Moss Wood 1995 Semillon

Wine Facts

Harvested: 22/2/1995
Bottled:  27/7/1995
Released: 26/10/1995
Baume: 13.20
Alcohol:  13.50%
Vintage Rating: 8/10


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Tasting Notes

The 1995 Moss Wood Semillon has aromas of figs, apples and hints of grassiness and passionfruit while its palate shows similar flavours complexed by yeasty, bready, almost earthy characters and hints of butterscotch. It is a big wine with a generous palate structure, good balance and fresh, crisp acidity. Its depth of fruit and lovely mouthfilling qualities make it similar to the previous vintage but with more class, greater freshness and livelier acidity. It is more rounded and sophisticated than the outstanding 1985 and we believe that it is more attractive now and will age better than any young semillon we have made.


Vintage Notes

The 1995 vintage was about two weeks earlier than usual with warm weather at the end of February sending the ripeness through the roof. Although the grapes were picked as quickly as possible, the alcoholic levels were higher than expected. The wine has showed good ripeness with generous yet restrained fruit, perhaps closer in style to the delicacy of 1993 than to the blockbuster qualities of 1994.  In fact, we believe that it is quite like the 1985 but without the contribution made by the searing heat of that vintage.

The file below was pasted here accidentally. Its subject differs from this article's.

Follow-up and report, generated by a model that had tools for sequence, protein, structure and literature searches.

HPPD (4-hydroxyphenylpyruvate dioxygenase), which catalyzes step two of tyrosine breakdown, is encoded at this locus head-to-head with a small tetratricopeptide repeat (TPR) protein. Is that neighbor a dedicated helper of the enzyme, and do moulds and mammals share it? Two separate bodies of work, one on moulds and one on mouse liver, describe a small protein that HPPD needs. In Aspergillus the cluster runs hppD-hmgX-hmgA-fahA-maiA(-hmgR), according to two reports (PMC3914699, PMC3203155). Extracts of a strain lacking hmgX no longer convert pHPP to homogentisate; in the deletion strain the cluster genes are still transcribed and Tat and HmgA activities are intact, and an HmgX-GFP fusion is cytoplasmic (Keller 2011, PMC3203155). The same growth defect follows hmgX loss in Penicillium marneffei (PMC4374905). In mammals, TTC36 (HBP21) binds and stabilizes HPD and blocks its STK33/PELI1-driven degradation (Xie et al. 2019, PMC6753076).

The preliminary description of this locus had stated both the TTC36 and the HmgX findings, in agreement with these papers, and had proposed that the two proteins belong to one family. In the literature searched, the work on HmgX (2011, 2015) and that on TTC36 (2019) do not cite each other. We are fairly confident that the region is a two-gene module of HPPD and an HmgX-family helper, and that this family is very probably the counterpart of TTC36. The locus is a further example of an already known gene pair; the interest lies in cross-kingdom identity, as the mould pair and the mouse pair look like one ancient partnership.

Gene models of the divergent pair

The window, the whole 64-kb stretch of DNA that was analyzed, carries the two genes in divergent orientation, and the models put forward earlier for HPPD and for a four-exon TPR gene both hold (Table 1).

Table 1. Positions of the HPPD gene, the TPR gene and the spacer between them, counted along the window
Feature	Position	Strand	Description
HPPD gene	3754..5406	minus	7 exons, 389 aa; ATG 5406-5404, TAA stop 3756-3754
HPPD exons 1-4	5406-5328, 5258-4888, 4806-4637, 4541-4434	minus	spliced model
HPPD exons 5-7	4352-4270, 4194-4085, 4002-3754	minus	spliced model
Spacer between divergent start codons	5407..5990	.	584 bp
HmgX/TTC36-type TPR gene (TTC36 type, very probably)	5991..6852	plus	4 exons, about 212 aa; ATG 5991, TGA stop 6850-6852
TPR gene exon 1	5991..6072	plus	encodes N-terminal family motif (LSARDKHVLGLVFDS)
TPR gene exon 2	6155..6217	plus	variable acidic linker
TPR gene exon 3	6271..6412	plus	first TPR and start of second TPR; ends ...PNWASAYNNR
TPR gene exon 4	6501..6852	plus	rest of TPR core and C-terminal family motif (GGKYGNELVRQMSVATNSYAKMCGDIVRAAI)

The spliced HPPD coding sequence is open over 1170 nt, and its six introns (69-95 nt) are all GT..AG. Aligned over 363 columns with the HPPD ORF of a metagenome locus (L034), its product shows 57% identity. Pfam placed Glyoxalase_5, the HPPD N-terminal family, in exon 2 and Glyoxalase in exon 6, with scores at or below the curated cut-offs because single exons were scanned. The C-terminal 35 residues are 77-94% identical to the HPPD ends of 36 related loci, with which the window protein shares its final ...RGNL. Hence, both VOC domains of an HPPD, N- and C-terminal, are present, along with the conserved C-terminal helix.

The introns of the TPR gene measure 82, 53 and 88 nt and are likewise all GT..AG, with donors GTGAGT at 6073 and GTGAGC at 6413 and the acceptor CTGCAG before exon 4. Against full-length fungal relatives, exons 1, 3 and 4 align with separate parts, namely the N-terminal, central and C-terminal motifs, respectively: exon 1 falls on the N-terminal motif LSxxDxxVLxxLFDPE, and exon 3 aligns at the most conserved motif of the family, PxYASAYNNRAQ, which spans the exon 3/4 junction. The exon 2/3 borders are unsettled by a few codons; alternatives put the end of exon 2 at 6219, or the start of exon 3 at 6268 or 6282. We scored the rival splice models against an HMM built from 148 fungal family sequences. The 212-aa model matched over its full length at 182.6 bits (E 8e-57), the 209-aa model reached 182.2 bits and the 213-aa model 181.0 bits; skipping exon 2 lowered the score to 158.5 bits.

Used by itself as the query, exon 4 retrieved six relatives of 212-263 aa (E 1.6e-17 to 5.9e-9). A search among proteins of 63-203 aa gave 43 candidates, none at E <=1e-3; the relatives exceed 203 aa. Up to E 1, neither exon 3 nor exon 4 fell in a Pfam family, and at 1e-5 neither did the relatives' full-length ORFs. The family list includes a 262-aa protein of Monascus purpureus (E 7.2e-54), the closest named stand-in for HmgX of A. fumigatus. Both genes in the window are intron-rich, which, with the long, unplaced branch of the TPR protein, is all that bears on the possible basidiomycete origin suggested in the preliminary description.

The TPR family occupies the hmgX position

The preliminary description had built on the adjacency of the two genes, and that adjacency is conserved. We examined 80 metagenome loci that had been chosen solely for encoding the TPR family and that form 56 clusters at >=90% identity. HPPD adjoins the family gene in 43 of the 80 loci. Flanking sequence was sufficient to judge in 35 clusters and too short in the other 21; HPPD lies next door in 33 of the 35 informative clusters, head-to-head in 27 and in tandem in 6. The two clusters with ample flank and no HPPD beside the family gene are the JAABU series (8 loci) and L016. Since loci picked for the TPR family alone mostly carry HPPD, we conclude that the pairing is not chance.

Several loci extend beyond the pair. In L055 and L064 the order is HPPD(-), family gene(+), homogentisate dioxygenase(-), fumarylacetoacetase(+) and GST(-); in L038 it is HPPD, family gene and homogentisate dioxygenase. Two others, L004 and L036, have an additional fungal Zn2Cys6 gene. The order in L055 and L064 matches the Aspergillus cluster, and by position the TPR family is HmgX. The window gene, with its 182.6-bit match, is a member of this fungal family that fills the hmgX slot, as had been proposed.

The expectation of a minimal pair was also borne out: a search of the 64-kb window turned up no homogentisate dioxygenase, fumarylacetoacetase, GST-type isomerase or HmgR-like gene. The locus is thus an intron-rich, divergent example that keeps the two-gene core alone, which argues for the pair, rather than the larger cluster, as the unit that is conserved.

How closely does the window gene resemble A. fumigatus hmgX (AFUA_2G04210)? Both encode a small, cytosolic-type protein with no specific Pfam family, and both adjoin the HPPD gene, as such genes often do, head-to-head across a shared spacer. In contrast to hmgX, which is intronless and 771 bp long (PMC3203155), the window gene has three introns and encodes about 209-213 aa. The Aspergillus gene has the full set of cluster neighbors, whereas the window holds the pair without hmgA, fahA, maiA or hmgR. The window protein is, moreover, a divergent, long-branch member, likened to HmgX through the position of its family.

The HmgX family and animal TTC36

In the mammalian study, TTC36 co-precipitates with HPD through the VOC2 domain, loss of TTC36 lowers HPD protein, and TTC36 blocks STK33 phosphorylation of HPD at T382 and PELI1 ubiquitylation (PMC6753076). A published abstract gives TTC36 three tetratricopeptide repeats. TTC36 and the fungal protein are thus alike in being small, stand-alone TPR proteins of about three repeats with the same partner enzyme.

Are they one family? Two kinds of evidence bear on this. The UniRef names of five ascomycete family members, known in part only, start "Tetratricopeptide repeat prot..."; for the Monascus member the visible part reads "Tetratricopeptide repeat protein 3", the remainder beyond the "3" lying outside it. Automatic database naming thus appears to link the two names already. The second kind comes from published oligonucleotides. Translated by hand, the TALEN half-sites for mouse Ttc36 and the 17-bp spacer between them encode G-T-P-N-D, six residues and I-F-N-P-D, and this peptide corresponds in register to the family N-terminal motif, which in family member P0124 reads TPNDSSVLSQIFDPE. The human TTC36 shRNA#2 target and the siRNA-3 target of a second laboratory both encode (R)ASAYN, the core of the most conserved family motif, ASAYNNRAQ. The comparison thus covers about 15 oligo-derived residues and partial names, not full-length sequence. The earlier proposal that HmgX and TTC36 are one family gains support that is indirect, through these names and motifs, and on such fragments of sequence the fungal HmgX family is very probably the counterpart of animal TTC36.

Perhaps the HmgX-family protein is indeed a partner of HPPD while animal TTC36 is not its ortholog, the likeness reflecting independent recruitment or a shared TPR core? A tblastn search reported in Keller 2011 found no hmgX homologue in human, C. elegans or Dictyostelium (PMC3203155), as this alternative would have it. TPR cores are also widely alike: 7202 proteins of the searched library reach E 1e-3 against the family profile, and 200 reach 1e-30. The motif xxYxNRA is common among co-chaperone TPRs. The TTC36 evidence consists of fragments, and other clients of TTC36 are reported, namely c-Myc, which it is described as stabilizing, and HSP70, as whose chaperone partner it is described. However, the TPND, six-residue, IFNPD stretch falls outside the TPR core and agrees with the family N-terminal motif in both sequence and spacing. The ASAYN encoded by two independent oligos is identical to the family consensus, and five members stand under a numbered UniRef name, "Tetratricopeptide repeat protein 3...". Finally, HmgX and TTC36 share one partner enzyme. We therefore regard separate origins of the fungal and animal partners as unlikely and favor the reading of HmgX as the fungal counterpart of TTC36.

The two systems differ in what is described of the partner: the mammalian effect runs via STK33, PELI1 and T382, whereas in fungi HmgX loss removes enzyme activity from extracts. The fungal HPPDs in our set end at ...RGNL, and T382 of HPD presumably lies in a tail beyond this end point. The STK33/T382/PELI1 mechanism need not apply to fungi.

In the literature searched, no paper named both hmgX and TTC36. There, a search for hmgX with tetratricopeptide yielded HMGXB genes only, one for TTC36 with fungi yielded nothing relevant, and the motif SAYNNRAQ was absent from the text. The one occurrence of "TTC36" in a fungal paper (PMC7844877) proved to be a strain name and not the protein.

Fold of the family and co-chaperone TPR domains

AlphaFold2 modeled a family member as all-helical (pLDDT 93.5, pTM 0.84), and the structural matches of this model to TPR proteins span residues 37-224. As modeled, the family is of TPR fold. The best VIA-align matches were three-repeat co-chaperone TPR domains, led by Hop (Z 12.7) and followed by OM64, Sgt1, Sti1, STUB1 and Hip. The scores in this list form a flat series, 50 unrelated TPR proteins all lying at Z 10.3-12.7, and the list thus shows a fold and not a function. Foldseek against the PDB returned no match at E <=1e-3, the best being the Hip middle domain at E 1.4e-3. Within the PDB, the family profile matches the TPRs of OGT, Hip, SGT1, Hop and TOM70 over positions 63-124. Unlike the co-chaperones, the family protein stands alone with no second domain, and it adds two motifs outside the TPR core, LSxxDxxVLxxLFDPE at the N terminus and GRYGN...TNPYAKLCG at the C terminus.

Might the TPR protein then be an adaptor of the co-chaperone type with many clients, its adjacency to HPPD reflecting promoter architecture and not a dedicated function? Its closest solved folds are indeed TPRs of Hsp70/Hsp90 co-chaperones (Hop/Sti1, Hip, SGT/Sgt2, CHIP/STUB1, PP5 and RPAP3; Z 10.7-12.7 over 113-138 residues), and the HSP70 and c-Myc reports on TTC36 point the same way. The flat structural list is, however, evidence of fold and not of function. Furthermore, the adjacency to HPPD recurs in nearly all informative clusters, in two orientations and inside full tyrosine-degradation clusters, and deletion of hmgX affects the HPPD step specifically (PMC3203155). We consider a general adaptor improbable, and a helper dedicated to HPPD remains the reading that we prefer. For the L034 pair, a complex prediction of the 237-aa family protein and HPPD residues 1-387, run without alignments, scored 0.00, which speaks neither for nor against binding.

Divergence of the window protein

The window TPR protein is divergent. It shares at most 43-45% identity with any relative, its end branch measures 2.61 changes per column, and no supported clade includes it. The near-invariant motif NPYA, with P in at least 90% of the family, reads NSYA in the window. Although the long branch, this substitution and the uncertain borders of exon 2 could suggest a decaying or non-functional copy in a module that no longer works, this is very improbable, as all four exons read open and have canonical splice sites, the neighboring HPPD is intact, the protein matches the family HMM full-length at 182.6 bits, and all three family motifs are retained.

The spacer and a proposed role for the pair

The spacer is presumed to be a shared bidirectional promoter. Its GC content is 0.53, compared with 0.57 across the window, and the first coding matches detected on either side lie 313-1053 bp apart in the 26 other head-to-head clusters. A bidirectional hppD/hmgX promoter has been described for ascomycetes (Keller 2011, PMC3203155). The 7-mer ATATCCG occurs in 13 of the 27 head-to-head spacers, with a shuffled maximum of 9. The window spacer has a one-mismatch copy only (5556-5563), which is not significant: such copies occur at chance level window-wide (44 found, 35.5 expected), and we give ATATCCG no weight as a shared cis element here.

The season was very dry and so there were no problems with disease. There were, however, problems with birds for the first time in several years. Following the impressive results achieved in averting a serious bird problem by netting Ian "Tinker" Bell's own Yallingup vineyard, we are considering some state-of-the-art netting at Moss Wood.


Production Notes

The crop level for semillon was down by about 1 tonne or about 5% on the previous vintage but the gentle extraction of the new press meant, that in spite of this hiccup Moss Wood production was slightly higher than usual. The other advantage of the new press was that solid contents in the semillon was reduced and losses at settling were cut in half. All this was achieved along with an improvement in juice quality. The wine spent some time, post-fermentation, on its lees in tank and part of it underwent a malolactic fermentation: all of which has given it greater complexity.


Cellaring Notes

Will cellar well for five to six years but save a little because it should be great at ten years of age.